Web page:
Nicaragua’s largest lake has several names: the indigenous tribes called it Cocibolca, the Spanish conquerors named it La Mar Dulce (the Sweet Sea), the people from Granada call it Lake Granada and it is nowadays generally known as Lake Nicaragua. The lake has a surface of 8,264 km², and it is located in the central southern part of the country. The oval-shaped lake is relatively uncontaminated, although some serious environmental issues pose a real threat for the lake’s future. Below follows an overview of some of the lake’s most interesting aspects, including its natural beauty, unique inhabitants, and ecological threats.
Cocibolca: an imposing body of water
The indigenous tribes who referred to the lake as Cocibolca (a nahautl word) have most likely used the lake for many practical purposes: the fish supplied food and the fresh water was used for cleaning and consumption. The lake’s water could also serve for irrigation, and the islands inside the lake offered a great, secluded area for living. The Spanish conquerors who first saw the lake thought this immense body of water was a sea, for it has many oceanic qualities: large waves, heavy storms, and nothing but water at the horizon. The lake, one of the largest freshwater lakes in Latin America, has been an important link for many years between inland Nicaragua and the Caribbean Sea, and the colonial city of Granada located on the northwestern shore of the lake was the first Nicaraguan city to be established by Spanish conquerors in 1524. As transportation methods modernized the lake lost importance as strategic link between the Pacific and the Caribbean, but its natural beauty and environmental importance remain important qualities not only for Nicaragua but also for Central America.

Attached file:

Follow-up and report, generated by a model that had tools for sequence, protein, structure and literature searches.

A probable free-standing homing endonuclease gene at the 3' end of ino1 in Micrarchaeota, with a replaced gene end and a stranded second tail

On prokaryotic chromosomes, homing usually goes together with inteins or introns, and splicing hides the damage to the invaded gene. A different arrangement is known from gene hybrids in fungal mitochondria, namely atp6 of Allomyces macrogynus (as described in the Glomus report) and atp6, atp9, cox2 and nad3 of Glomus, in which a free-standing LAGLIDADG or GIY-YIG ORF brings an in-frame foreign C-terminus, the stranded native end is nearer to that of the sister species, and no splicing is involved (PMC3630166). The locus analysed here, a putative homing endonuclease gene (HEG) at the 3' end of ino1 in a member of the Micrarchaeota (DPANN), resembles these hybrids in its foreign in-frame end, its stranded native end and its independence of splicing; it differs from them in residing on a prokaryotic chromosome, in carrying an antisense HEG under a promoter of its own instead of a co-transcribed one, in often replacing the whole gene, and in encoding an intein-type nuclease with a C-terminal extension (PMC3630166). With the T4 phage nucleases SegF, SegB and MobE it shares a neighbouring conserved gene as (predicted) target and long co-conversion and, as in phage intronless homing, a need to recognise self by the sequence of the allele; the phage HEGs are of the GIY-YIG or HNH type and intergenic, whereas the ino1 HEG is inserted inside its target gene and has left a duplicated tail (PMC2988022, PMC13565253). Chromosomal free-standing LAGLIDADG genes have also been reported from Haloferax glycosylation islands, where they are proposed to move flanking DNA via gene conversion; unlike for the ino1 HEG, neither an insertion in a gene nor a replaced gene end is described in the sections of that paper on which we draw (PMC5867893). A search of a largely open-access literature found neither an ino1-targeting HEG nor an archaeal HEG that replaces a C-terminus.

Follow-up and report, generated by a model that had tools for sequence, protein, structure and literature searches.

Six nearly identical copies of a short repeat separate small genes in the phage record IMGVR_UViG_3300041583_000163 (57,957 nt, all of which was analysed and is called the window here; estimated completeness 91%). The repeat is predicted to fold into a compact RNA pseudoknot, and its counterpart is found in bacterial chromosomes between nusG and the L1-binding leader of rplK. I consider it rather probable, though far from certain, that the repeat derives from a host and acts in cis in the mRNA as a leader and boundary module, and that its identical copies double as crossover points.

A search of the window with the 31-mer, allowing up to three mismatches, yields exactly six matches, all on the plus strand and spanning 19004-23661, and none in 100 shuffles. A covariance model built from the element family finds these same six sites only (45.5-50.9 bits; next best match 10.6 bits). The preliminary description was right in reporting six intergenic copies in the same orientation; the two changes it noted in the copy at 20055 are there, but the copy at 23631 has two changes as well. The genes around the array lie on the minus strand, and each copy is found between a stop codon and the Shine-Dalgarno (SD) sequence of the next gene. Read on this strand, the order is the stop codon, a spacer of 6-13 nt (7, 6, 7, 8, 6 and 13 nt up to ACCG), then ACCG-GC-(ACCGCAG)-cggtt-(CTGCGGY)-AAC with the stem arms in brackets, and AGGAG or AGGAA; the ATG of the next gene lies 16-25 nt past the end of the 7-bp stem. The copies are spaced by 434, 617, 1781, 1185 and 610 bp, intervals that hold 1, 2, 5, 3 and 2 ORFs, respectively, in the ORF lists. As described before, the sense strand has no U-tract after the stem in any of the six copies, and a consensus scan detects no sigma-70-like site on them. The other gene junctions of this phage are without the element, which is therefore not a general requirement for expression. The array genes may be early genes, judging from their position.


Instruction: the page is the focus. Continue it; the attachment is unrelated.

Lake Nicaragua is part of the largest international drainage basin of Central America, and together with Lake Managua and the San Juan River it forms a tectonic valley with an area of over 41,000 km². The lake itself is not very deep with an average depth of 13 meters. Rainfall and inflow from numerous rivers feed Lake Nicaragua; outflow only occurs at the San Juan River. Despite being situated close to the Pacific Ocean (at some places there is only 20 kilometers between them), there is no direct connection between the lake and this ocean. The San Juan River, however, connects the lake with the Caribbean Sea, located over 100 kilometers west of Lake Nicaragua.
Currently, there are four main port cities located on the shores of Lake Nicaragua: Granada, San Carlos, San Jorge, and San Miguelito. Despite the lake’s size and connections with the Caribbean Sea and the Pacific slope of Nicaragua, the transportation system is rather poorly developed.
Islands and islets